UNITED NATIONS, July 30, 2005 (AP) — Sudanese police and soldiers continue to rape helpless civilians in Darfur despite government promises to stop them and punish those responsible, according to a U.N. report.
Louise ArbourVictims and witnesses are routinely threatened and sometimes even charged with crimes if they come forward with allegations of rape, the report released Friday said. Authorities also intimidate humanitarian groups investigating the claims.
"Many women do not report incidents, out of fear of reprisals," the report said. "Some police stations refuse to register and investigate complaints of sexual violence."
The report was drawn up at the request of Louise Arbour, the U.N. High Commissioner for Human Rights. She wanted to assess Sudan’s compliance with promises it made last year to punish those who commit sexual violence against civilians in Darfur.
It said the government has taken small steps — such as creating a committee on gender-based violence — but hasn’t brought offenders to justice on a large scale.
"Basically we see extremely poor results in the investigation and successful prosecution of perpetrators of very serious sexual violence," Arbour told a news conference. "Rape, gang rape and so on continue to be very prevalent by all accounts."
The report said offenders include members of the law enforcement, security forces and pro-government militia, the report noted. Suspects have been tried very rarely, Arbour said.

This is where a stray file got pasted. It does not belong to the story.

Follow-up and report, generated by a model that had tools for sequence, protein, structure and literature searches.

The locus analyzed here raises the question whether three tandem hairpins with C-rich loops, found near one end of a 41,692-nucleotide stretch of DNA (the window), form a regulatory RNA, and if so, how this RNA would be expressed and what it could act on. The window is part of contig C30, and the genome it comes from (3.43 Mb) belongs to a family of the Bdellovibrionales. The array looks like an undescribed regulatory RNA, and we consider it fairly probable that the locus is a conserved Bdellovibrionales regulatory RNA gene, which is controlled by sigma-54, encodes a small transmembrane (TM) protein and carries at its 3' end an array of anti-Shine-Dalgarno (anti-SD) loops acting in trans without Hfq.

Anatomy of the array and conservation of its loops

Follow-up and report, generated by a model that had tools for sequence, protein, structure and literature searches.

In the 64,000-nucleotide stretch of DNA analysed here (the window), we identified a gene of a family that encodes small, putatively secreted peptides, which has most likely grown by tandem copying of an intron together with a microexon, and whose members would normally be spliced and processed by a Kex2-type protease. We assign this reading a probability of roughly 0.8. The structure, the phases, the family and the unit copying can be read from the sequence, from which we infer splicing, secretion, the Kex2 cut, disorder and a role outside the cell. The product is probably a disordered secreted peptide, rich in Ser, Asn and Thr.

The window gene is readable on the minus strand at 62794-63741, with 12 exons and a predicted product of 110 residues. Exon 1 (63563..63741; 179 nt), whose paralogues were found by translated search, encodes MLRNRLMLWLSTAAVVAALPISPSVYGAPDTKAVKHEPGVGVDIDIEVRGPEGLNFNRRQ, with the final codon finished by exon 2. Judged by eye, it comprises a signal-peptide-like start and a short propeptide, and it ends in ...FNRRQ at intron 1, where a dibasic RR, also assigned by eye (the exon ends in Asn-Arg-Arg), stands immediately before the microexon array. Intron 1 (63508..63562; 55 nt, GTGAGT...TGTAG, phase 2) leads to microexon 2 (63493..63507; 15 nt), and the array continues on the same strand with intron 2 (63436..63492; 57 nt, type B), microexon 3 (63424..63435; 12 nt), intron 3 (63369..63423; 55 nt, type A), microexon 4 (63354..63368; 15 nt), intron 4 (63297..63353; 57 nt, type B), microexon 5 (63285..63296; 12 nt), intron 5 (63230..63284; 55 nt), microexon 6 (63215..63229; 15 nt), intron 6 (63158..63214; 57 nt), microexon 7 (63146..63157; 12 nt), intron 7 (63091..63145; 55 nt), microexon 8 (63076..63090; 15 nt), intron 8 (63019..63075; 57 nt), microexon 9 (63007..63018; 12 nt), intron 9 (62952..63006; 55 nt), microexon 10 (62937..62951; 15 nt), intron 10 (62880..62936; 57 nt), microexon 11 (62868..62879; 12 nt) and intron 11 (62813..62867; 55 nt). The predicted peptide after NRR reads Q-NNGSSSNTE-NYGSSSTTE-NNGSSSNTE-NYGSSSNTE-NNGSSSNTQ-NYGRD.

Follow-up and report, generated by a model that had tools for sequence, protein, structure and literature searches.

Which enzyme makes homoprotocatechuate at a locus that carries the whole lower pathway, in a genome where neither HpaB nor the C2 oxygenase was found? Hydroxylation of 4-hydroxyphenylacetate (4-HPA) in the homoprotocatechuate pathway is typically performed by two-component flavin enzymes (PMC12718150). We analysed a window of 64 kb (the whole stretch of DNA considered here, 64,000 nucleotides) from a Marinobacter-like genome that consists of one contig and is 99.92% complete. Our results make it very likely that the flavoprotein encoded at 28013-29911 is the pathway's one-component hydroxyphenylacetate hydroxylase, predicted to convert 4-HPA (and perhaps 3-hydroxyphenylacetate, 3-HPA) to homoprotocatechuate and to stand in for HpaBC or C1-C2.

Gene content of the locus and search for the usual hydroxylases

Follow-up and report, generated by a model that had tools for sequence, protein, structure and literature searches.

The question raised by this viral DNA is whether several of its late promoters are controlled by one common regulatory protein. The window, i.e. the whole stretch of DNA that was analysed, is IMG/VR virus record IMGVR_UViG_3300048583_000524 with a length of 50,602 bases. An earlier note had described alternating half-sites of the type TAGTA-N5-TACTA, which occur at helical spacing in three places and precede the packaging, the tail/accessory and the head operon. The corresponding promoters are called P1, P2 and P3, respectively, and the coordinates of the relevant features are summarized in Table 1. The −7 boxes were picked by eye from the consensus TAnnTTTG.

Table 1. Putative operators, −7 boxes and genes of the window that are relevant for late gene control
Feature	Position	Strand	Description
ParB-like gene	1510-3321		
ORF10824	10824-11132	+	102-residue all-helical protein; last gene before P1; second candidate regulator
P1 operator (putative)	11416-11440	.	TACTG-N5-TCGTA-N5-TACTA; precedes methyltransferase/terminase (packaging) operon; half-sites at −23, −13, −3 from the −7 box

"We’re talking a handful of cases where we’ve been able to document a successful prosecution," she said.
Sexual violence has been a key problem in Darfur since Sudan’s government allegedly unleashed Arab tribal militia known as the Janjaweed to suppress rebels who took up arms in February 2003.
The campaign of murder, rape and arson has killed 180,000 people, many from hunger and disease, destroyed crops and ruined countless homes. Earlier this month, U.S. Secretary of State Condoleezza Rice toured Darfur and said "a genocide was committed here." She met privately with female refugees, including some rape victims.
The report called on the Sudanese government to end "the climate of impunity."
Even when women do report sexual offenses, authorities "generally deny the allegations of rape and sexual violence and intimidate the victims and witnesses into withdrawing their charges," the report noted.
In her news conference Friday, Arbour said Sudan’s government had been "extremely unreceptive" about recognizing the magnitude of the problem.
"The government has to acknowledge that this is not a fabrication by humanitarian workers and NGOs and so on," Arbour said, referring to non-governmental organizations who have reported on widespread rape in Darfur.
Women are "preyed upon continually by members of the armed forces, by militias, by soldiers, policemen, people who should be brought under control by the government," Arbour said.
On Thursday, she told the U.N. Security Council that Sudan either can’t or won’t hold rapists accountable.
Earlier this year, the Security Council referred cases of crimes against humanity in Darfur to the International Criminal Court, the world’s first permanent war crimes tribunal. Lead prosecutor Luis Moreno Ocampo suggested in June that rape would be one crime he would pursue.